Fail= “wait” means that if the resolution fails, the client current thread is halted. When a convenient provider appears, the client thread is resumed with its dependency resolved against that provider. Therefore, the client code can always rely on a satisfactory resolution, but may have to wait. Fail =”exception” mean that, if the dependency fails, an exception is thrown, as defined in the exception tag. If no user exception is defined the Apam default ”ResolutionException” is thrown. The source code is supposed to catch that exception. Exception=”Exception class” mean that, if the dependency fails, the associated exception is thrown. The Exception class must be exported in order for Apam to see the class (using the Admin), and to throw the exception.

If, for any reason (failure, disconnection, …) the instance used by a dependency disappears, Apam simple removed the wire, and a new resolution of that dependency will be intended at the next use of the associated variable. It means that dynamic substitution is the default behavior.

Dependency cardinality A “simple” dependency is associated with a simple variable in the Java code. At any point in time, the variable points to zero or one provider. A multiple dependency is associated with a variable that is a collection i.e. an “array”, a “Set”, a “Vector” or a “List”. Such a dependency therefore leads to a set of service providers. When the dependency is resolved for the first Apam, the dependency is associated with all the instances implementing the required resources, available at the time of resolution. If none are available, one is instantiated if possible, the resolution fails otherwise.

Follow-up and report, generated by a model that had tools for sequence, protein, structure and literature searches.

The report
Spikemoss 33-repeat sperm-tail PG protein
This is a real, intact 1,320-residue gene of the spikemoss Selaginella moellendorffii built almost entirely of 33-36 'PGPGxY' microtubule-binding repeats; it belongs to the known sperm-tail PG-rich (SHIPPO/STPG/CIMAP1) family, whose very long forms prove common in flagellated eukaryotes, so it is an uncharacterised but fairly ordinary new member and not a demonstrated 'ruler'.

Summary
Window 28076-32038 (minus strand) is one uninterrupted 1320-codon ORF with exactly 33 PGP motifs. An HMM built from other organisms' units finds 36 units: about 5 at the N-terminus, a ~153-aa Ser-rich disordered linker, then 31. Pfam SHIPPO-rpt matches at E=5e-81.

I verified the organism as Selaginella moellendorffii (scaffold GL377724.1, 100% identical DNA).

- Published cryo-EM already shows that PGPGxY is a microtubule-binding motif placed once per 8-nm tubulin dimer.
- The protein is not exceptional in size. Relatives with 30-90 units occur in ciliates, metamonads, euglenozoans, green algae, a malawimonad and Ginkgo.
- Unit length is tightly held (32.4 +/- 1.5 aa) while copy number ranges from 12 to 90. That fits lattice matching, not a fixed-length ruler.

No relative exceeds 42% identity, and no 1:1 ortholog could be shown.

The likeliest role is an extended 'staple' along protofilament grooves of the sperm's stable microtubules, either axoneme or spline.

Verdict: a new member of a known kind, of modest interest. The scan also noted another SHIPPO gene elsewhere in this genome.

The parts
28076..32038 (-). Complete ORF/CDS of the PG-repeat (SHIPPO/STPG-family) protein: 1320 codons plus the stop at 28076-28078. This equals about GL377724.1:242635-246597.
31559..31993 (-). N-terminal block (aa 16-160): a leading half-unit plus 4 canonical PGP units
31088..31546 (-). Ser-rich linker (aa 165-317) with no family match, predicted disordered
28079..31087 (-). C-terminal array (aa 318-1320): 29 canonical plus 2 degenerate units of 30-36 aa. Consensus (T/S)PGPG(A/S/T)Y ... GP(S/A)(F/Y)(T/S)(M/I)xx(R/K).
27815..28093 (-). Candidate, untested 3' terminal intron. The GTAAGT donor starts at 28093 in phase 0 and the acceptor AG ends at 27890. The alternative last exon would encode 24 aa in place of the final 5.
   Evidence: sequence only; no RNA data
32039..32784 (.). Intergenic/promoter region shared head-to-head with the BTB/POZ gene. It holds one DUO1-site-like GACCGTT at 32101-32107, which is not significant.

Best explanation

<dependency specification="S3Compile" id="S3Id" multiple=”true”>

<interface field="fieldS3" multiple=”true”/> <!— multiple is useless -->

The multiple attribute is very useful only for specification dependencies, since there is no other way, at that level, to know. For implementations, the field type (Collection or not) indicates if the dependency is multiple or not. If the field is a collection, the attribute multiple can be missing, it is assumed to be true, it can be set to true, but is cannot be false.

Once the dependency resolved, any new instance (of the right type) appearing in the system is automatically added to the set initially computed; similarly, each time an instance disappears, it is removed from the set of instances. This even can be captured in the program, if callbacks are indicated:

<dependency field="fieldT" added="newT" removed="removedT" />

In this example, if fieldT is a set of type T, the Java program must contain a method newT and removedT (names are fully arbitrary) :

Set<T> fieldT ;

public void newT (T t) { } or public void newT (Instance inst) { } public void removedT () {} or public void removedT (Instance inst) {}

The method newT must have as parameter either an object of type T, or an object of type Instance (fr.imag.apam.Instance). This method is called each time an object (of type T) is added in the set of references, this object is the parameter. Similarly, the method removedT is called each time an object is removed from the set; it may have the Apam instance object as parameter (warning: it is an isolated object without a real instance inst.getServiceObject()==null) About messages, the newM1 method is called each time a new provider is added in the set of the M1 message providers, and removedM1 is called when an M1 provider is removed.